In the dash you’ll find a seven-inch Mitsubishi Multi Communication System (MMCS). This gives the driver total control over satellite navigation, audio, nifty graphs like altitude, servicing information, and interior settings such as the door lock timer adjustment, wiper operation, and dusk sensing headlamp sensitivity. The interface also provides a hub for the Rockford Fosgate audio system.

The factory fitted Rockford Fosgate subwoofer does take up some room, as mentioned, but you’ll forgive it when you plug your iPod in and turn up the volume. You can connect your iPod to the MMCS via a cable that located in the glove box, but, strangely, it will not provide charge.

It also has Bluetooth compatibility, but the system can be a bit of a tedious task to pair up, (what system isn’t?) Once you’ve figured it out, you can receive and make calls at the touch of a button through the MMCS; very handy for those who’re keen to stay out of trouble with the boys in blue – it’s a $300-odd fine and three points (in NSW) for talking on your mobile phone nowadays. Not to mention the dangers.

The audio sound the Rockford Fosgate could, potentially, pump out deafening sounds, it’s very impressive for a production car system. It doesn’t sound hollow, or like it needs some more power, all it needs is a good song, and a turn of the volume dial – keep in mind, it is these luxuries that contribute to the 1635kg overall weight.

Looking more aftermarket than they do a factory-fitted item, the 18-inch forged-aluminium BBS wheels sit at each corner looking every part the business. The lightweight, aluminium construction of the wheels results in a reduction of unsprung weight, improving handling and making the car more stable.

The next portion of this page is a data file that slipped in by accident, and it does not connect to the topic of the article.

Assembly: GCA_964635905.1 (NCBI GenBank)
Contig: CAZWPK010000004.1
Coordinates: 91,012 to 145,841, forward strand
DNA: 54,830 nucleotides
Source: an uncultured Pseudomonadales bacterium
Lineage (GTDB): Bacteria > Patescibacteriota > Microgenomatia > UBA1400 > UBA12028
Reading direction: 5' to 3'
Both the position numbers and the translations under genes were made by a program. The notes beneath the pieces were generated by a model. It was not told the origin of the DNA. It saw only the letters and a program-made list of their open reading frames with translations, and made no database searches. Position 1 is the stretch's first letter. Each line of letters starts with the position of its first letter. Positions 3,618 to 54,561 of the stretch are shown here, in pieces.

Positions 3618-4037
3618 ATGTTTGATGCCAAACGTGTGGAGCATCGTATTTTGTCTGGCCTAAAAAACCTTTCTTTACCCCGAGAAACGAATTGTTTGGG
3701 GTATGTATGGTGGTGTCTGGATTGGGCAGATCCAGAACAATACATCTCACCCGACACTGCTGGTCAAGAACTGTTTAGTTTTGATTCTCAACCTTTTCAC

You may be thinking, ‘well Mitsubishi has had 10 versions to let the Evolution evolve into a real performance car’, but really it’s been on the money from the very beginning. Sure, its main rival, the Subaru Impreza WRX STI is a great car, and feels just as fast, but the Mitsubishi just does it so much easier and it doesn’t always feel like you’re having to push the thing to the limits to get the most out of it.

The 2012 Mitsubishi Lancer Evolution X MR is the perfect meaning of the word, evolution, and it has matured into one of the best performance sedans money can buy. It might also be the last chance to buy a petrol Evo, as there’s talks the next iteration will be powered by a diesel-hybrid.


2012 Mitsubishi Lancer Evolution X MR

4B11 2.0-litre DOHC turbocharged MIVEC

1998 / 9.0:1

86mm x 86mm

217kW@6500rpm, 366Nm@3500rpm

7.49 : 1 (kg:kW)


1480mm / 1810mm / 4510mm

Six-speed TC-SST, all-wheel-drive

F: 350mm two-piece ventilated disc, Brembo calipers
R: 330mm ventilated disc, Brembo calipers

F: 18 x 8.5-inch BBS forged alloy wheel, 245/40R1893Y
R: 18 x 8.5-inch BBS forged alloy wheel, 245/40R1893Y

55 litres

Tested average: 12.6L/100km
Official average: 10.1L/100km

0-100km/h: 5.1 seconds (tested)


Excellent no-fuss performance in conventional five-seat sedan, endless tuning potential, reliable heritage-backed mechanical foundations, electronic smarts

Doesn’t feel as raw as previous Evo Lancers, fuel consumption


Subaru Impreza WRX STI, Volkswagen Golf R, Audi TT RS